|Publication number||US6674690 B2|
|Application number||US 09/998,803|
|Publication date||Jan 6, 2004|
|Filing date||Nov 1, 2001|
|Priority date||Nov 1, 2001|
|Also published as||US20030081505|
|Publication number||09998803, 998803, US 6674690 B2, US 6674690B2, US-B2-6674690, US6674690 B2, US6674690B2|
|Inventors||Vipin Malik, Keith V. Groeschel|
|Original Assignee||Daniel Industries, Inc.|
|Export Citation||BiBTeX, EndNote, RefMan|
|Patent Citations (4), Referenced by (10), Classifications (6), Legal Events (4)|
|External Links: USPTO, USPTO Assignment, Espacenet|
1. Field of the Invention
This invention generally relates to systems and methods for driving piezoelectric transducers. More specifically, this invention relates to a method for damping residual vibrations of a piezoelectric transducer after excitation.
2. Description of the Related Art
Many measuring techniques and devices require an accurate measurement of the time of flight of a signal. One high-accuracy time-of-flight measurement technique is taught in U.S. Pat. No. 5,983,730 (“Freund”), which is hereby incorporated by reference. The required degree of accuracy may be application dependent, but any economical technique of improving accuracy is generally desirable.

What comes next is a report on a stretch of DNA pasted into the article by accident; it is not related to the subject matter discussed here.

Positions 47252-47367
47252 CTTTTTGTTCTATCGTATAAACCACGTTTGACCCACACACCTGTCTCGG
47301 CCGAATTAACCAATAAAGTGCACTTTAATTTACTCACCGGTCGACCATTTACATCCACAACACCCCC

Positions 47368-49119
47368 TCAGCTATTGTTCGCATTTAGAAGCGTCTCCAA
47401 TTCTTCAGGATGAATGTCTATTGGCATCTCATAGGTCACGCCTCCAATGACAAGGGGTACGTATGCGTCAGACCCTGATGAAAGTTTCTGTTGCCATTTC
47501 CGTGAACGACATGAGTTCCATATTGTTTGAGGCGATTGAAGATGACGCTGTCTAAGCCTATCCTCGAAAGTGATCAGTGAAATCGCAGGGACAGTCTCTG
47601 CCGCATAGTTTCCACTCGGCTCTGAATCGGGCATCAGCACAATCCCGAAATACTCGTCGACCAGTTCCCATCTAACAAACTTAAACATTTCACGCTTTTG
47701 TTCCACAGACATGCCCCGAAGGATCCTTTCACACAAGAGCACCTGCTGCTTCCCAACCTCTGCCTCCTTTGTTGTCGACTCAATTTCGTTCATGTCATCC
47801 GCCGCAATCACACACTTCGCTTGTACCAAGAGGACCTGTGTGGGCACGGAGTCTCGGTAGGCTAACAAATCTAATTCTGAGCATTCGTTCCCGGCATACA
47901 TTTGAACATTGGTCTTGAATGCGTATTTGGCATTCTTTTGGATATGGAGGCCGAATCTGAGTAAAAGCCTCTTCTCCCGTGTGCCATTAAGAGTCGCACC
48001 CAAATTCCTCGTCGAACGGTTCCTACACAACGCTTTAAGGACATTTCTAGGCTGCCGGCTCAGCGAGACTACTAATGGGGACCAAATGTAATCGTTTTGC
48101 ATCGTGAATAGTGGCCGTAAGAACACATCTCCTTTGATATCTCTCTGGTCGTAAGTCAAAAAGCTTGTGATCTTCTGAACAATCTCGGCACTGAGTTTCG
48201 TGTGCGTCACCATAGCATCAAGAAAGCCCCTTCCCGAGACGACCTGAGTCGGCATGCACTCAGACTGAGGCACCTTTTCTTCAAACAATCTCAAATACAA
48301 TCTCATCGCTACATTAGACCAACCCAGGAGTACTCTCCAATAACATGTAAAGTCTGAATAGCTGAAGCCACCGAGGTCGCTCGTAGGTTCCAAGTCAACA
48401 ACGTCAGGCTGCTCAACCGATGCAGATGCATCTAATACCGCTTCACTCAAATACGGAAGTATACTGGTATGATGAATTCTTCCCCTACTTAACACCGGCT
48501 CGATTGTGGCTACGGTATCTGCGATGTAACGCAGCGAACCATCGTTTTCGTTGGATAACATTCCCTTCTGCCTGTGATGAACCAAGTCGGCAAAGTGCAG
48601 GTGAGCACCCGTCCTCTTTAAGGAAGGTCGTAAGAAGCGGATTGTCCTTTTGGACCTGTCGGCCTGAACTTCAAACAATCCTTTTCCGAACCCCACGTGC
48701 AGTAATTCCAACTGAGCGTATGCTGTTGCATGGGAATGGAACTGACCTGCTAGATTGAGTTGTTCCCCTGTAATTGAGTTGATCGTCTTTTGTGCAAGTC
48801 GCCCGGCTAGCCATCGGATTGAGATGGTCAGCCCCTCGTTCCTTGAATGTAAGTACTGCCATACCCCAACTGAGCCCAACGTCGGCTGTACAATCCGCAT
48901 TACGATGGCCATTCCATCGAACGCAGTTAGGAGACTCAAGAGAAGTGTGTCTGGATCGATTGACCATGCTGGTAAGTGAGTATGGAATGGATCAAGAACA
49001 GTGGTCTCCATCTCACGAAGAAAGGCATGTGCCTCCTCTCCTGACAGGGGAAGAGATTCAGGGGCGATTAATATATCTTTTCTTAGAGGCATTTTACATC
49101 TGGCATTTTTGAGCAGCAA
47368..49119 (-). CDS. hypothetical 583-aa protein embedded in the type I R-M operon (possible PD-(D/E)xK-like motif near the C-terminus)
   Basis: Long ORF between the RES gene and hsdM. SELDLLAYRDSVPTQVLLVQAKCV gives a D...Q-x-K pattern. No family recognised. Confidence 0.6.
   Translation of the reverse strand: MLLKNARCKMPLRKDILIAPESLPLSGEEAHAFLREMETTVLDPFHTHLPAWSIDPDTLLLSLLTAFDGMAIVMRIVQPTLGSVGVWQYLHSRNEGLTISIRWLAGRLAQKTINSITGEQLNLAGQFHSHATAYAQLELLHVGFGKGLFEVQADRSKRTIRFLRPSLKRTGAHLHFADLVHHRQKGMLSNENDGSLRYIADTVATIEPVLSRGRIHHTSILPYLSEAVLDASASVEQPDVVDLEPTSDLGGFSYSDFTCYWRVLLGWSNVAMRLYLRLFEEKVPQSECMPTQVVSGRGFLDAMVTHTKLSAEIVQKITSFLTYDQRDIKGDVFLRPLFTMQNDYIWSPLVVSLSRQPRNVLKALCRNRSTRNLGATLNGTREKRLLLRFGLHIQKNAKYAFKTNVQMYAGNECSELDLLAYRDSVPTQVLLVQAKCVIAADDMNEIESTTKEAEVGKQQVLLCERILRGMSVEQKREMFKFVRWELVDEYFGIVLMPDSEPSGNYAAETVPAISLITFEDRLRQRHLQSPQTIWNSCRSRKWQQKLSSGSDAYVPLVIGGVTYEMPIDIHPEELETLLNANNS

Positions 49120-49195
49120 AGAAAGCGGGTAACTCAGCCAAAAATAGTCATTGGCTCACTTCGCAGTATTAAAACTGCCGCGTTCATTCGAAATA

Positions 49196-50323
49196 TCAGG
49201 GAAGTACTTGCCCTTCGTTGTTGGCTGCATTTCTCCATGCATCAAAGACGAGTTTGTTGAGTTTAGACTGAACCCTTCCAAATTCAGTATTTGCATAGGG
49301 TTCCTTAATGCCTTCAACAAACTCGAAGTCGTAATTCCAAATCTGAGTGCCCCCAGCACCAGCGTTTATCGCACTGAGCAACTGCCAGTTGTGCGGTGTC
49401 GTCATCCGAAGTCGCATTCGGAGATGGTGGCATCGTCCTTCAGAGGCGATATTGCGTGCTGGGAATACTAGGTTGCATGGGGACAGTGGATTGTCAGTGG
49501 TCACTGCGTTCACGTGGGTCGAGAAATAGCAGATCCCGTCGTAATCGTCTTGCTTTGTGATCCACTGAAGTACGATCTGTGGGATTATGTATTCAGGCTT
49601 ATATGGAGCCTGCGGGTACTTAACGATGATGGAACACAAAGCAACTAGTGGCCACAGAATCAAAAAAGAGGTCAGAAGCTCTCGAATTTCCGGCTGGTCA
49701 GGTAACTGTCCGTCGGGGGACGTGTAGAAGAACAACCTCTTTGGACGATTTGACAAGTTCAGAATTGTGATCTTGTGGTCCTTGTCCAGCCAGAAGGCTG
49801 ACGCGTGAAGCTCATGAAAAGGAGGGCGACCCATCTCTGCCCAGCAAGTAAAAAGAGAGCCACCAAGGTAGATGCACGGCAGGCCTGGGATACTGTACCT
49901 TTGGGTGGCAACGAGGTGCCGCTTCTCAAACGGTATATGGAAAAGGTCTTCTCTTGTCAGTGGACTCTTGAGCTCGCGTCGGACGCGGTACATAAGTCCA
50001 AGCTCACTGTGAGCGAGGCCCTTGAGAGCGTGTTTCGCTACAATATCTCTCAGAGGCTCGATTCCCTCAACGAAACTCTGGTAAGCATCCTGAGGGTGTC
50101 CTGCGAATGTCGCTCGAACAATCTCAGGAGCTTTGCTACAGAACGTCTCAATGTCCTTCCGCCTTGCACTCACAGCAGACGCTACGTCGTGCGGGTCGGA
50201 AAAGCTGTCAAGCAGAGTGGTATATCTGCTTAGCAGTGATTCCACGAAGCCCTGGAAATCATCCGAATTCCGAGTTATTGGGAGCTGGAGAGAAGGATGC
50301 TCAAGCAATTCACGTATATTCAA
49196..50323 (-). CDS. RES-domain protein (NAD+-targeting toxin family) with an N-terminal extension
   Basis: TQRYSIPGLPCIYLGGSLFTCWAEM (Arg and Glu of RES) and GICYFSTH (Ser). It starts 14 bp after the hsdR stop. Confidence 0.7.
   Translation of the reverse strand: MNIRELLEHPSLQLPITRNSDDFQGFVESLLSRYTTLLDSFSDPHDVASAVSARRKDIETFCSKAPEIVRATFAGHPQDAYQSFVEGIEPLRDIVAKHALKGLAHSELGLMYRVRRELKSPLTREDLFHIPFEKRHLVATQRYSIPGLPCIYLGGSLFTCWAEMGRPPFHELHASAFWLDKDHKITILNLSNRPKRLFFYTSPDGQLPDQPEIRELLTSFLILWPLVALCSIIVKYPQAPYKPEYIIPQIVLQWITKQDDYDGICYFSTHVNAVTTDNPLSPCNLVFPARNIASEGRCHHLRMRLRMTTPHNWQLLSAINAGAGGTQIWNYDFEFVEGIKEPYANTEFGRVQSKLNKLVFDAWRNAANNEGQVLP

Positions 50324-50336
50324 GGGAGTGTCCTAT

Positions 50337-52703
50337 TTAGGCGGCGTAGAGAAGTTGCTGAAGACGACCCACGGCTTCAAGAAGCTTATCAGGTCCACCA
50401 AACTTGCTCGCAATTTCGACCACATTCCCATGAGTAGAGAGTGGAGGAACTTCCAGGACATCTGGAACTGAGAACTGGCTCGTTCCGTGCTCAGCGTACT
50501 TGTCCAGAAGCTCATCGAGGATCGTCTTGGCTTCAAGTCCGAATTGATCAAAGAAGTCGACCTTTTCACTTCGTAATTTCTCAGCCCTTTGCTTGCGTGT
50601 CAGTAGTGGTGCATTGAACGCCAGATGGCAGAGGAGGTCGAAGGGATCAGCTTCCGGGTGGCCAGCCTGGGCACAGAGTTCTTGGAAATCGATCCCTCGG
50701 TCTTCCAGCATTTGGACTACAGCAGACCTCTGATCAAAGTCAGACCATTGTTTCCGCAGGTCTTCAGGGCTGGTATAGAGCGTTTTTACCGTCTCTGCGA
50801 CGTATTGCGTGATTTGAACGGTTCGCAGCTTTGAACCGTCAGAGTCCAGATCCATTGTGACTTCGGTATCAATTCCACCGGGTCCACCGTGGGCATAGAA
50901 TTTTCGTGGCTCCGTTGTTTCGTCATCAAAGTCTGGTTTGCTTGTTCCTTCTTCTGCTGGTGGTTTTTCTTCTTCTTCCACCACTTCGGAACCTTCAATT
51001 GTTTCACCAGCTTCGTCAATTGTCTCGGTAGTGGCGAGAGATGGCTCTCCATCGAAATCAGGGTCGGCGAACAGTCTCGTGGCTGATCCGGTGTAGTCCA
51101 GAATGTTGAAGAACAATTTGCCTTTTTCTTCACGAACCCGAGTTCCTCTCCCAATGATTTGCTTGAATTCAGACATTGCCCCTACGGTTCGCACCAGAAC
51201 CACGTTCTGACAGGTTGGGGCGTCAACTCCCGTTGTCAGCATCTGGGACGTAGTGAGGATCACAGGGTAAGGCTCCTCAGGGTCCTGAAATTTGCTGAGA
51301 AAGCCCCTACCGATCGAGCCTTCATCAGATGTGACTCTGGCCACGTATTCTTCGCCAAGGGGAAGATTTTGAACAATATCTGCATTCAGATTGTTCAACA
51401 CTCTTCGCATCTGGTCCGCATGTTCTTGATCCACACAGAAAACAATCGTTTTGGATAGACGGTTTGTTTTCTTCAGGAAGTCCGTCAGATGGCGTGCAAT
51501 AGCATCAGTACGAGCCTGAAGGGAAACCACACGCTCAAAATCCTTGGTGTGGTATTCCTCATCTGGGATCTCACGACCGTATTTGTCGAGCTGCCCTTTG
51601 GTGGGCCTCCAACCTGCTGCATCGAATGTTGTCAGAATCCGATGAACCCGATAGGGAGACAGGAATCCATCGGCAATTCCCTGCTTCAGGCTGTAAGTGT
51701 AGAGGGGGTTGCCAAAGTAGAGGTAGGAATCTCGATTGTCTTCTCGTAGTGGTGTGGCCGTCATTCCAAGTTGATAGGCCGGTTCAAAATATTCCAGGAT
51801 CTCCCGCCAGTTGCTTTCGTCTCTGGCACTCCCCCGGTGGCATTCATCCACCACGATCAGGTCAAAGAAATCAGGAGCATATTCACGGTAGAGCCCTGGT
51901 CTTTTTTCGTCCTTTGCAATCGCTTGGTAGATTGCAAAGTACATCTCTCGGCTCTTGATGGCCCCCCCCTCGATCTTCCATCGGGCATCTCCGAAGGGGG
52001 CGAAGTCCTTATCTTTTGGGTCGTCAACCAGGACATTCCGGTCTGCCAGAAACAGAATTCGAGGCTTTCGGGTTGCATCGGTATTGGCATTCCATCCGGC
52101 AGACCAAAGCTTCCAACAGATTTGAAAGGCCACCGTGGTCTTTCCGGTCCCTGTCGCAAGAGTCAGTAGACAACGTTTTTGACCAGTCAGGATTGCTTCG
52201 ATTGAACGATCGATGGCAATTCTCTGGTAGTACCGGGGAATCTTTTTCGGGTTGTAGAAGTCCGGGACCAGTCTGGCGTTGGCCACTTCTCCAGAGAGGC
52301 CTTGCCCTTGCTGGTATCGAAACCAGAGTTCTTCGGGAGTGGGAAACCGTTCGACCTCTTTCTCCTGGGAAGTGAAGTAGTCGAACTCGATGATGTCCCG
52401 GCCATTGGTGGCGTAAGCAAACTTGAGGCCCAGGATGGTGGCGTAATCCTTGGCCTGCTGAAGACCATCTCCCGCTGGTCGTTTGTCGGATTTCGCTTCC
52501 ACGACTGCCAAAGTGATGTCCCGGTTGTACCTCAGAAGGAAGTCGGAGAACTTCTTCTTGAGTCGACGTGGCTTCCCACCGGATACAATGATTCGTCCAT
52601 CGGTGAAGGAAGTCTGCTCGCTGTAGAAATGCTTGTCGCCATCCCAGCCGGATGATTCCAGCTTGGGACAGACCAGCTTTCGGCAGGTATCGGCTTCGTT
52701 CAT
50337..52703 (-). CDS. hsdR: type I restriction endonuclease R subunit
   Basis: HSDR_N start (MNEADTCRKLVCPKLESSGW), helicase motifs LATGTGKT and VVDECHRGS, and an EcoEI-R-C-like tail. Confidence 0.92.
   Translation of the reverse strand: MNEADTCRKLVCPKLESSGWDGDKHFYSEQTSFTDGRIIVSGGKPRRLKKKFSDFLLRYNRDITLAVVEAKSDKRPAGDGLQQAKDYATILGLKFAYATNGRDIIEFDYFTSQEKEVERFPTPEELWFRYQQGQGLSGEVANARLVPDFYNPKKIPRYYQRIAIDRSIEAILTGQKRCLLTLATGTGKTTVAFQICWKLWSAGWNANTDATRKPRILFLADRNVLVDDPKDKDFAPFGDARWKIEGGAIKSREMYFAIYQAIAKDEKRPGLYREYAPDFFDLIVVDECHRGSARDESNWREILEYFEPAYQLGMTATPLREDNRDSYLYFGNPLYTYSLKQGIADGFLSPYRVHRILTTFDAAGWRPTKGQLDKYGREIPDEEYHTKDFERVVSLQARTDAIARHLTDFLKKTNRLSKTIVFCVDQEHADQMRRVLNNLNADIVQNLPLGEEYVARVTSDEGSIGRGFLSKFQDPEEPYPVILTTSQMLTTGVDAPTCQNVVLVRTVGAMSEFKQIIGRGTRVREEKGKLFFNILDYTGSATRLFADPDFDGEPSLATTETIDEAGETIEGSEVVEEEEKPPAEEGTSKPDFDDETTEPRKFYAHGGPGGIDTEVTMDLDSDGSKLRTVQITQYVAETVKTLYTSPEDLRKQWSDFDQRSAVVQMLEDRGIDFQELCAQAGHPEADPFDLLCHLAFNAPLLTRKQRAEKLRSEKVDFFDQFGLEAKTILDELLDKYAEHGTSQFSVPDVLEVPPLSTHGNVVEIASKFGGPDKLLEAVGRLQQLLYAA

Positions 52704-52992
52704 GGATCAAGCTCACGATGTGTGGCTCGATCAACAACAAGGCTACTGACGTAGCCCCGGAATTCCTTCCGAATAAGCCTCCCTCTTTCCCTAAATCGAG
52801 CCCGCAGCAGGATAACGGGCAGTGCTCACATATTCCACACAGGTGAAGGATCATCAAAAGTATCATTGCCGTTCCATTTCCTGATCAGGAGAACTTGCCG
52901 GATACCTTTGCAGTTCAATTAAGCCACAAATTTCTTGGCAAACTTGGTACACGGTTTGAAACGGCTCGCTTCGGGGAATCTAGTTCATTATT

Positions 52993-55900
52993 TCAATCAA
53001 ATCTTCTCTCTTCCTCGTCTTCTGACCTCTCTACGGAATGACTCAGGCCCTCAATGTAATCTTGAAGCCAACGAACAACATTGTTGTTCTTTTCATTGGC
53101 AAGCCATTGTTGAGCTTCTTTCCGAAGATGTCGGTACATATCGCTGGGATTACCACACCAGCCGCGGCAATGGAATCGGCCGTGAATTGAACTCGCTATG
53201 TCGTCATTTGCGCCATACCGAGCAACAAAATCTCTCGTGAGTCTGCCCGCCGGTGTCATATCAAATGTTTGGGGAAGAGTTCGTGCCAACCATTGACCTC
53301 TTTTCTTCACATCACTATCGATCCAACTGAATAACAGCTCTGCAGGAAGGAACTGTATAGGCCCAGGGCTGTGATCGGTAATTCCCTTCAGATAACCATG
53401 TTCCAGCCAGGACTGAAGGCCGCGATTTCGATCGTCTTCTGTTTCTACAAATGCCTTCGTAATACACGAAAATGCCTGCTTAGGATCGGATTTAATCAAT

Freund describes a method for performing accurate time of flight measurements of acoustic signals. His and other methods may be improved by damping the acoustic transducer to shorten the acoustic signal. Various benefits may be realized by a system using a shorter acoustic signal. One of the benefits could be easier identification of the time of arrival. Because unwanted signal portions are eliminated, less processing is required to identify the time of arrival. Further, because less extraneous energy is transmitted into the system, the background noise due to echoes may be reduced. Still further, shorter pulses allow for quicker re-use of the transducer, thereby increasing the potential measurement rate of the system.
Unfortunately, existing transducer damping methods generally require additional components to dissipate the residual energy. In addition to increasing the cost, the damping components may reduce the amplitude of the transmitted signal. A solution that avoids these drawbacks would be desirable.